Excerpt - Anabar's Run
Sixteen-year-old Anabar has less than twelve hours to get to the capital city. This is the final test in his training to become a member of the Scouts, a band of ruthless swordsmen sworn to defend their nation. If he doesn't make it, he will have to give up his dream and return to his farm, but that's not the worst thing. His mentor, Omalof, wants the test to be as realistic as possible, so he reports Anabar as a dangerous criminal, and every soldier between him and the capital has orders to find and kill him.
ANABAR'S RUN is the story of a young man who is a different kind of hero. He's different because he's not magic or a vampire or a prince. He's also not destined to save the world from an evil being. Instead, Anabar is a normal young man who follows a dream and faces some very difficult decisions along the way, the biggest being whether to seek fame and adventure or what he knows is right.
The dark rider following Anabar stopped when he heard the man fall. He climbed down from his horse and tied it to a branch. He stepped into the trees and walked toward the sounds of the struggle. He moved from shadow to shadow, making no sound. He made his way to the edge of the woods by the camp and peered out.
Anabar struggled to free his hands. He saw the huge man, who he regarded as a giant, was stunned and getting up slowly, but knew he didn't have much time. He pulled and twisted his body, ignoring the pain from the rope against his neck, but still was unable to escape.
The giant, no longer smiling, got to his feet and reached inside his coat. He produced a long, curved knife and glared at Anabar. For a moment, the boy thought the giant was going to use it on him. Instead, the giant cut the rope from the saddle and gave it a hard pull.
Anabar gasped as the rope dug into his neck. He finally managed to free his hands, but he could not release the rope around his neck. He almost lost his footing, but he was angry, and once again planted his feet and jerked back on the rope. The giant barely held on to his end and the two engaged in a deadly tug of war. Anabar was certain the giant would use the knife on him if he lost his balance. They stared across the open space between them, neither willing to give in.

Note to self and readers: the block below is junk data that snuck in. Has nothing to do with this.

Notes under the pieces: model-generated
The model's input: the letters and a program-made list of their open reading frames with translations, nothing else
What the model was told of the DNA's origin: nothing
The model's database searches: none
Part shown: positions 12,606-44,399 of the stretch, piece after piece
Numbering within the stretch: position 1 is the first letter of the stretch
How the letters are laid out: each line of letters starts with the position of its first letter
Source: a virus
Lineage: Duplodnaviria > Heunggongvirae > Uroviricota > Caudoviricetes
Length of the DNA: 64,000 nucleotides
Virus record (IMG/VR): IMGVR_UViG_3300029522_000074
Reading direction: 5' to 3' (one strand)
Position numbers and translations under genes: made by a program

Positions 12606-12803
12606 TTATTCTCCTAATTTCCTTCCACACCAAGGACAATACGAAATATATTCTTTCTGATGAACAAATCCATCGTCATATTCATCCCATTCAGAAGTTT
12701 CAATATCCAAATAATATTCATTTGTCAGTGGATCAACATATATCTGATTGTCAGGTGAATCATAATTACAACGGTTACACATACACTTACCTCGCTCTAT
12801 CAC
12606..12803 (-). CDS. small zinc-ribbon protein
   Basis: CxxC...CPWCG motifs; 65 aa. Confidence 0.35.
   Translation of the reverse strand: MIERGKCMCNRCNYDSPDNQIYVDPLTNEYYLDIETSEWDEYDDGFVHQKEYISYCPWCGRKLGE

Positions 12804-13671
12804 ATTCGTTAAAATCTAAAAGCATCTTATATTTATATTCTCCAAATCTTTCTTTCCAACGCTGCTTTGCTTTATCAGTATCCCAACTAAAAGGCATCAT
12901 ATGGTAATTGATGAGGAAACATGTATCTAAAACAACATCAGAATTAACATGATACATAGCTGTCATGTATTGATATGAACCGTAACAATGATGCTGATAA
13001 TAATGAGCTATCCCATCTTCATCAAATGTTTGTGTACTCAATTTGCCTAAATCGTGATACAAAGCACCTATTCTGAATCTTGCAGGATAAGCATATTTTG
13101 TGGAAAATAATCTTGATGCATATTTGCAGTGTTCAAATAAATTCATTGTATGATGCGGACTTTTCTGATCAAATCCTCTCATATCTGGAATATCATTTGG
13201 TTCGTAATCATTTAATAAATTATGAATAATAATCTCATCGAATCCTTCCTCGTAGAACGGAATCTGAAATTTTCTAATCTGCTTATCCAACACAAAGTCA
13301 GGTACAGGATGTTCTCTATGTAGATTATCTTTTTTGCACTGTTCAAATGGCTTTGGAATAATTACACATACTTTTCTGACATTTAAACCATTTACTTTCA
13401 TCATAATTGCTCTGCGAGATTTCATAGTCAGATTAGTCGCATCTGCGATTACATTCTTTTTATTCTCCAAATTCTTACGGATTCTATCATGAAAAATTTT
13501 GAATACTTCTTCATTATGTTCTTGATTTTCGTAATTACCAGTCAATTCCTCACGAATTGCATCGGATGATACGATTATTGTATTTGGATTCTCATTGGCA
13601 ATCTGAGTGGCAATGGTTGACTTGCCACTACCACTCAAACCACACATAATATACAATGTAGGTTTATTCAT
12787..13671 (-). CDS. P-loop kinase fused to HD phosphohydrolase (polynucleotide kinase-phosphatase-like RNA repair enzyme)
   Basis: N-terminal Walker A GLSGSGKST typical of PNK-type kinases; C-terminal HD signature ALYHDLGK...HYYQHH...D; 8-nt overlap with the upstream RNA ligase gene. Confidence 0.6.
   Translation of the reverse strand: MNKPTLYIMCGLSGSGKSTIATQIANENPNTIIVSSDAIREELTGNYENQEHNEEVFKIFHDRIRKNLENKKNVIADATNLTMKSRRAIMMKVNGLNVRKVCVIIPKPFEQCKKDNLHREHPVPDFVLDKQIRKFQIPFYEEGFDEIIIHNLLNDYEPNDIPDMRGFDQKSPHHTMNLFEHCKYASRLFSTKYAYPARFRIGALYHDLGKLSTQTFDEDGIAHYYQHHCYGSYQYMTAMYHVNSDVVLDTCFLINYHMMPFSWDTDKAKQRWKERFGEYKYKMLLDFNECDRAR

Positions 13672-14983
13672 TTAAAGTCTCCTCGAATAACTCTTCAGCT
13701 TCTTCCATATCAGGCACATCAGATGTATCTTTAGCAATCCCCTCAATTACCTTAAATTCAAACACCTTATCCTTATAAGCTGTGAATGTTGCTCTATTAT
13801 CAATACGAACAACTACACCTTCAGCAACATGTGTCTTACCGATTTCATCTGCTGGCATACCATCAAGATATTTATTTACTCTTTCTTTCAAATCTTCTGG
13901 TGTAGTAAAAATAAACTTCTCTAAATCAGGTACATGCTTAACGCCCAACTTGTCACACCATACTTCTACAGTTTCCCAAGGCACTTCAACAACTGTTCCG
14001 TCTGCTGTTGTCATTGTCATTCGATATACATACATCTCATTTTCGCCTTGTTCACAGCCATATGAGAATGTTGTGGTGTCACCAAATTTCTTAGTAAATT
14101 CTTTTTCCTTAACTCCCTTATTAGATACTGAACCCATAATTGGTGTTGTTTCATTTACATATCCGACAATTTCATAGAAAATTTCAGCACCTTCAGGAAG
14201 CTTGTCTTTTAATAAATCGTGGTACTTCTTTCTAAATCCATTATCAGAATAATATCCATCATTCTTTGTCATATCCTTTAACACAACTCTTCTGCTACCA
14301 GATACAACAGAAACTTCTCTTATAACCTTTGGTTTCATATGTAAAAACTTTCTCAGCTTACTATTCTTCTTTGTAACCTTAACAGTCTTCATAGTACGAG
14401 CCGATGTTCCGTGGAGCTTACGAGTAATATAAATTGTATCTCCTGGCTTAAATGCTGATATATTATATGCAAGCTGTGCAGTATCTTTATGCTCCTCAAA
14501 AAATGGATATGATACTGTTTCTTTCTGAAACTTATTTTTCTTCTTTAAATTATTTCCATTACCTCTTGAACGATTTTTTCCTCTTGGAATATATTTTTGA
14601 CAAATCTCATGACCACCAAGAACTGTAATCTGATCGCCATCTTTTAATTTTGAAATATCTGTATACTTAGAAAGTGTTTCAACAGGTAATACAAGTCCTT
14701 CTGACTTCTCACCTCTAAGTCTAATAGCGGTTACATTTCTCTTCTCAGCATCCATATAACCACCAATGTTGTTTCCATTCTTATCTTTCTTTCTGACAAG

The dark rider watched silently from edge of the woods. He reached down to his side and grabbed the handle of a long, curved sword hanging in a scabbard. He pulled the sword partway out.
Anabar and the giant circled around the camp, the rope pulled taught between them. No matter how hard he tried, and despite his size advantage, the giant could not gain any ground, or cause Anabar to lose his footing. He growled, and swore, and became more and more frustrated as the struggle continued.
Anabar noticed they had moved close to the fire, and a plan formed in his mind. Ignoring the pain in his neck, he gave a sudden jerk and hopped to his left.
The dark rider saw this maneuver and smiled. "Yes, yes, now you're thinking," he whispered. "Just a little closer now."
Anabar jerked the rope once again, causing the giant to trip over a pile of logs stacked next to the fire. He roared in pain as he landed face down in the dirt.
"Now!" Anabar thought, on seeing the giant go down. He took another step to his left, causing the rope to drag over the flames.
While all this was taking place, a small man emerged from the hut and quietly moved behind Anabar, unseen by the boy. He carried a short club in his hand. The man was a miniature version of the giant, with a similar heavy coat and dark beard. The dark rider spotted the man and drew his sword the rest of the way out of the scabbard. Still, he stayed back just inside the dark edge of the trees
"Just a few more seconds," Anabar thought. "Come on rope. Burn. Burn!"
The giant pushed up to his knees and shook his head, trying to clear his vision. The fall had left him dizzy and disoriented, but he still held on to his end of the rope. He managed to focus on Anabar, and staggered to his feet, without realizing the rope was in the fire.
Anabar saw the rope turn brown and begin to smoke. "Now," he thought, and gave a final tug. The rope snapped, causing Anabar and the giant to stumble in opposite directions as the tension gave way.
"I'm free!" Anabar thought. He started to turn toward the woods, but never saw the little man behind him, his club raised over his shoulder. The man struck Anabar on top of the head and the boy collapsed, unconscious, to the ground.
The dark rider started to step into the clearing, but held back. He decided to watch a little longer.
The little man went over to the giant and peered up at him. He shook his head back and forth and spat on the ground.
"You’re so stupid you can't handle a wee boy?" he said. "Who is he?"
"Dunno," said the giant, still a bit unsteady after the struggle with Anabar.
"Well, why did you bring him here?" said the little man, crossing his bony arms over his chest and staring up at the giant.
The giant shook his head to try to clear it and then remembered. He reached into his coat and with drew the stone he had taken from Anabar.
"This," he said handing it to the little man. "This is why I brought him. He was carrying this!"
The little man stopped muttering and froze when he saw it.
The dark rider could hear everything the two were saying but could not see the stone.
"Ah, now there's a right treasure," said the little man, holding the stone close to his eyes and smiling, showing off uneven, yellow teeth. "Where did you find him? Where did he get this? Is there more? What did he tell you?"
"He wouldn't say," said the giant. "I spotted him when he tumbled down a mountain on a peak west of here. "Then I grabbed him and brought him here."